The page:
Why Capitalists Support the War
To put it simply, they want to maximize their profits at the expense of the vast majority. This requires access to raw materials, markets, and cheap labor, not to mention juicy government contracts with built-in profits. But don't take our word for it. Here's what the representatives and defenders of U.S. capitalism have had to say about it over the years:
"War is just a racket. A racket is best described, I believe, as something that is not what it seems to the majority of people. Only a small inside group knows what it is about. It is conducted for the benefit of the very few at the expense of the masses…
"It may seem odd for me, a military man to adopt such a comparison. Truthfulness compels me to. I spent thirty- three years and four months in active military service as a member of this country's most agile military force, the Marine Corps. I served in all commissioned ranks from Second Lieutenant to Major-General. And during that period, I spent most of my time being a high class muscle-man for Big Business, for Wall Street and for the Bankers. In short, I was a racketeer, a gangster for capitalism."
– USMC General Smedley Butler, 1933
"…We have about 50 percent of the world's wealth, but only 6.3 percent of its population… Our real task in the coming period is to devise a pattern of relationships which will permit us to maintain this position of disparity without positive detriment to our national security. To do so, we will have to dispense with all sentimentality and daydreaming; and our attention will have to be concentrated everywhere on our immediate national objectives. We need not deceive ourselves that we can afford today the luxury of altruism and world-benefaction… We should cease to talk about vague and… unreal objectives such as human rights, the raising of the living standards, and democratization. The day is not far off when we are going to have to deal in straight power concepts. The less we are then hampered by idealistic slogans, the better."
– George Kennan, State Department, 1948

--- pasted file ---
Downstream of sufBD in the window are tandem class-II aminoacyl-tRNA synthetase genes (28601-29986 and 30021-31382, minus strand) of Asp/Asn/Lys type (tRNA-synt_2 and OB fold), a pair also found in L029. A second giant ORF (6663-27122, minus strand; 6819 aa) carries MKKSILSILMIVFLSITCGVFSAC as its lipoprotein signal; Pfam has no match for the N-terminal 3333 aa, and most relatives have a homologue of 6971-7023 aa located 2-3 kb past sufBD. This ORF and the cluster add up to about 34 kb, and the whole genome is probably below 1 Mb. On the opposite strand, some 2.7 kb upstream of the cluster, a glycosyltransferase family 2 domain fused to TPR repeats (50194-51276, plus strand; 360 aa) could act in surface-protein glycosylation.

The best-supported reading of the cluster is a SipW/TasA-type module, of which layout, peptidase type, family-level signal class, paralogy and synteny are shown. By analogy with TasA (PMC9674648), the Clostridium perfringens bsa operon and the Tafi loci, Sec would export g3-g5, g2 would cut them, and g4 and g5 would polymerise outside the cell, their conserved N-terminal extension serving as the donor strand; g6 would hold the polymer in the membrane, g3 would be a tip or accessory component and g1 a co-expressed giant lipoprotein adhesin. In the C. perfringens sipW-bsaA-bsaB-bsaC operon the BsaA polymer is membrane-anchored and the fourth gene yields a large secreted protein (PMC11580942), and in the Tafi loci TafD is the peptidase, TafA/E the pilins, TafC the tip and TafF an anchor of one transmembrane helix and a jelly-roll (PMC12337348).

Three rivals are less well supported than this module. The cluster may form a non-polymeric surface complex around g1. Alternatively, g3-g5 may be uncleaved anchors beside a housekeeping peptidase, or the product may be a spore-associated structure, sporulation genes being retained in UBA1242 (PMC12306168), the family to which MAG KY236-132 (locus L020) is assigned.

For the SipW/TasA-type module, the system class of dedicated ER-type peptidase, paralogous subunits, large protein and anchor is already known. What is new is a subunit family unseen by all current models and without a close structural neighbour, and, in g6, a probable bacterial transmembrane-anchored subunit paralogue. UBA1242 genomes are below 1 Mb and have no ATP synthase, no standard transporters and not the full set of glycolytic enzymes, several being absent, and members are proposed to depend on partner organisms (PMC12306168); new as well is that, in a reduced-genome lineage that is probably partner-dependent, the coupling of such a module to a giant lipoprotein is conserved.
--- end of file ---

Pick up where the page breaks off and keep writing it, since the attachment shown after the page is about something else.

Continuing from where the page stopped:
On a Frontline program aired in November, 2003, James Baker, former Secretary of State, declared to the interviewer: "As I told you, I worked for four administrations under three presidents. And in every one of those, our policy was that we would go to war to protect the energy reserves in the Persian Gulf. That is a major and very significant national interest that we have."
Why Workers Oppose the War
Workers and young people are naturally opposed to predatory wars abroad, waged in the interests of a tiny minority of the population. We have no interest in killing and exploiting workers and youth in other countries. After all, we have the same hopes and aspirations as they do: decent jobs and wages, safety for their families and loved ones, universal access to quality health care, education and housing, etc. Due to our conditions of life, we have far more in common with them than we do with the billionaires of our "own" country.
Foreign policy is really just an extension of domestic policy. Here at home, a war is being waged as well – a war against our wages, working and living conditions, and even our dignity. This is the class war – a constant war over who controls the surplus wealth produced by the labor of the working class. Should that wealth go to line the pockets of a handful of billionaires who do no productive work, or should those who actually produce the wealth of society democratically decide how best to use it in the interests of the majority? That is the heart of the matter.
There are many who, after the November elections, have sincere hopes that the Democratic Party will be able to stop the war. But let's be realistic. Like the Republicans, the Democrats are also controlled by the corporations. They supported the invasion of Iraq in the first place and have consistently voted to fund it. They've proven time and again that on all fundamental issues, their interests are completely opposed to ours. So why should we give them another chance? The hundreds of thousands of deaths and the colossal waste – billions of dollars in no-bid contracts while public schools are in a shambles, factories are closed, millions go without health care, and union contracts are torn up – is just the beginning if we don't organize around our class interests and fight back.
What we need is a party of our own, a party that fights in the interests of the majority, a party that is directly accountable to its membership. What we need is a mass party of labor, by and for the working class. The labor movement needs to be at the forefront of building of such a party, and at the forefront of the struggle against the war – a war against workers at home and abroad.
- Only the working class can stop the war!
- Bring all the troops home now!
- Money for jobs health care, and education, not war!